Ghosts Next Door

Ghosts Next Door
by Lopaka Kapanui

May 18, 2022

Remembrance 2022

Summer was only a month away, so the humidity had not yet arrived.

The day was overcast with fine misty rains falling here and there but no deluge. The wind was beautifully kind as it lay the minute rain upon us until it lay like a sheen of new skin. Perfect weather for a remembrance ceremony to honor the influence and impact that Shirley Mālie Richy had upon the lives of the people who gathered to express their love to her. I was the photographer hired to record these moments on camera and then put everything together digitally so that I could show it as a slide show video right before lunch. The beach was sumptuous with white sand and crystal blue waters; the wind bringing in the sea spray made the moment intoxicating for those who inhaled it. Grief and sorrow tend to bring out those emotions and desires. The proof was how the people interacted with one another, holding hands, longing looks, and coy whispers. Perhaps this is what Shirley wanted? Love and life. The rented weekend beach house is a few yards from the sand, mainly for family and close friends, but you know how these things work out. I wandered up to the oversized opened garage where everyone sat and stood, either eating or drinking or forgetting to do either because of how wrapped up they were in their conversations. Hawaiian people are exquisite, such natural beauty, and alive with every emotion that runs the gamut. Real, visceral people born from the earth they treasure and revere. Itʻs difficult not to fall in love with them, or at the very least, to bask in their aloha. 

"Youʻre not just taking pictures and video with your eyes, are you?" The voice surprised me, and I jumped a little. Well, okay, a lot. "Oh, you scared me,"

"Sorry," she apologized and extended her hand. "I didnʻt mean to startle you, but I watched how you use your camera. I can tell that you work through emotion and feeling and channel the mood around you."

"You havenʻt seen the video yet," I chuckled.

"Iʻm never wrong about these things," she said confidently. 

"You sure about that?" I was kinda flirting but kinda challenging her at the same time.

"What were you thinking when you were taking the pictures then?" She challenged back.

"Just how beautiful this place and all these people are," I replied. "It just grabbed me, and I began snapping away."

"Can I see?" She asked, gesturing to my camera, and I showed it to her. We had to sort of lean closer together so she could see the pictures on the screen. Gosh, she smelled good, like jasmine. Something about her skin made me want to caress it. Then I smelled the shampoo in her hair-wait; is that Wela-balsam? From the seventies? I looked at her again, but there was nothing unusual about her. Beautiful Hawaiian girl, about five feet eight inches tall, long black hair, a fitted full-length dress with spaghetti straps over the shoulders. Hmmm? Weird. "Everyone will be glad to see these," she smiled.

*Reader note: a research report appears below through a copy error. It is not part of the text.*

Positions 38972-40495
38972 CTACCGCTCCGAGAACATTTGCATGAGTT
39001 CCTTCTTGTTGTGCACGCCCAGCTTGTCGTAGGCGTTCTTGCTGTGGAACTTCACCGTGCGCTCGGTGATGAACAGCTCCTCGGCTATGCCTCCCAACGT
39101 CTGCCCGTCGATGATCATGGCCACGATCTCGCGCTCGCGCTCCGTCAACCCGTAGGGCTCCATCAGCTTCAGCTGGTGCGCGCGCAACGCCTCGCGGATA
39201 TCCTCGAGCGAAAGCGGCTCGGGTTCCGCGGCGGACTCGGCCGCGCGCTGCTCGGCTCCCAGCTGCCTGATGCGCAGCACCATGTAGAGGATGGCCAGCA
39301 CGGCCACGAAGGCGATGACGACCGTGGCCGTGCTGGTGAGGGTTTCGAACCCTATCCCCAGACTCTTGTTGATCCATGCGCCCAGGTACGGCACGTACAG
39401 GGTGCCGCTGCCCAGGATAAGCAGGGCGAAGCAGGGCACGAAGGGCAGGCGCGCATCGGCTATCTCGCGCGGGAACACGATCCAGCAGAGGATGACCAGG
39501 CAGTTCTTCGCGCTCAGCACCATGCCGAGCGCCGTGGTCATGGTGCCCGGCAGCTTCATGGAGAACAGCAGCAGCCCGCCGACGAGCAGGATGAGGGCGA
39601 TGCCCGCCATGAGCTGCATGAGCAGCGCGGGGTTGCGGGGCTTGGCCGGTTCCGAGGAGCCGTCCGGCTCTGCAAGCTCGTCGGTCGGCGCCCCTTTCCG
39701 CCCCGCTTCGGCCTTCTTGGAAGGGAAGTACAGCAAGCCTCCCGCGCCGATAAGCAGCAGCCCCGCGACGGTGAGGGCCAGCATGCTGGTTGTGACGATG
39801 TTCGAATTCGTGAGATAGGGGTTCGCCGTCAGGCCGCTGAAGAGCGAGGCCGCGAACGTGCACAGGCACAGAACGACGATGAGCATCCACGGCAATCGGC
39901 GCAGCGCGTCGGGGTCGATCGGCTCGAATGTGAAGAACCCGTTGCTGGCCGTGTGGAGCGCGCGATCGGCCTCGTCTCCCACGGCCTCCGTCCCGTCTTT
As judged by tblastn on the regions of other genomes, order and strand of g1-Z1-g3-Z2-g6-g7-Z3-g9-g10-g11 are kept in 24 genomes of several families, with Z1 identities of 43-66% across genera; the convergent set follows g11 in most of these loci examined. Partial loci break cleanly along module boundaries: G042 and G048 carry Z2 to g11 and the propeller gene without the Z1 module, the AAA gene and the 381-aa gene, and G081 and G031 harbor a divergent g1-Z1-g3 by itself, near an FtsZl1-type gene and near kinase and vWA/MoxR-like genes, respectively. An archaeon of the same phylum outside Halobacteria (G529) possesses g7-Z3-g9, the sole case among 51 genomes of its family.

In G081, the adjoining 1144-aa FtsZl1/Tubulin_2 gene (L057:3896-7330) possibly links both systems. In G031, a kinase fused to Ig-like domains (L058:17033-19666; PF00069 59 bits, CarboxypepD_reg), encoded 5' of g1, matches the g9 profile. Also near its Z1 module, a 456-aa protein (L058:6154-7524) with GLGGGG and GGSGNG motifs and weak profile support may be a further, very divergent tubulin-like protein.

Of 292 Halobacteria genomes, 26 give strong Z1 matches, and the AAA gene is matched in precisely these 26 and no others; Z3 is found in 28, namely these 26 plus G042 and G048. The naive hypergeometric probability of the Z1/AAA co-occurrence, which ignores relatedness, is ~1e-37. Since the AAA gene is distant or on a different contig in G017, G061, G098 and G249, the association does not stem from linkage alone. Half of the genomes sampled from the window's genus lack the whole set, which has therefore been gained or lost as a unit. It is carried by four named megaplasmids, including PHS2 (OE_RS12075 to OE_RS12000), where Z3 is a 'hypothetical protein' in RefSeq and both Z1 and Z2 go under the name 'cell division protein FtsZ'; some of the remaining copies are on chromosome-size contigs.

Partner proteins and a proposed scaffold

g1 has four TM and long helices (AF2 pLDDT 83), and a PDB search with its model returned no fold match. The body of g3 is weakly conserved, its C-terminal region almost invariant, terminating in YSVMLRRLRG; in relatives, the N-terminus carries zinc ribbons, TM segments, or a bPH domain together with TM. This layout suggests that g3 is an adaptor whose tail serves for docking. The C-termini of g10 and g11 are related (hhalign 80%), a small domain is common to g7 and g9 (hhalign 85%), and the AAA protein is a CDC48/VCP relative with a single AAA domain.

"What about you?" I asked her. "Can I get one of you?"

"No need," she waved me off. "You get plenty already." I took a picture anyway while she wasnʻt looking.

At that moment, the widower of Shirley Richy tapped me from behind and reminded me that it was an hour before lunch. "Ooo, yes! Iʻll be right back!" I ducked into my van, broke out my laptop, downloaded everything, and put the pictures together. Earlier, I parked the van at an angle to end up facing the garage. I glanced up randomly and saw everyone putting up the banner with Shirleyʻs picture on it, and I froze. It was the image of the girl Iʻd just met, the one who was giving me a hard time about the pictures I took. The one who won me over with just her natural scent. They unfurled the rest of the banner to reveal a more recent photo of Shirley taken a few months before she passed. Her hair was white, and the lines around her eyes showed her age, but it was still her. That same person. I said nothing to the family, especially the bereaved husband. I just hooked up my laptop to the screen and played the video. Everyone laughed and cried up until the last picture, which had them all in stunned silence. 

"How did you do that?" Shirleyʻs husband asked. "How did you superimpose her image to make it look like she was right here?"

"Trade secret," I lied. "Canʻt give it away; otherwise, someone will steal it!"

The husband laughed and slapped my shoulder. " I get it! I get it!"

I couldnʻt tell him that his deceased wife was right there, on the grass where we battled, and then had a good moment of clarity together. All the while never knowing that her spirit was with us the whole time.


17A Productions Presents

Lopaka Kapanui at Hawaii Theatre

A storytelling concert at the historic Hawaii Theatre. This master storyteller is one of Hawaii’s most popular teller of tales and has been in the business of scaring people for more than 20 years. Lopaka is terrifically skilled at provoking that sudden chill going down one’s back or causing the small hairs on your arms to stand up. Chicken skin is what we call it in Hawai‘i. Others might refer to it as chills or goosebumps. Sharing real accounts of Hawaii’s supernatural culture, Lopaka often leaves audience members questioning the darkness on their drive home and anxiously leaving the light on at bedtime.


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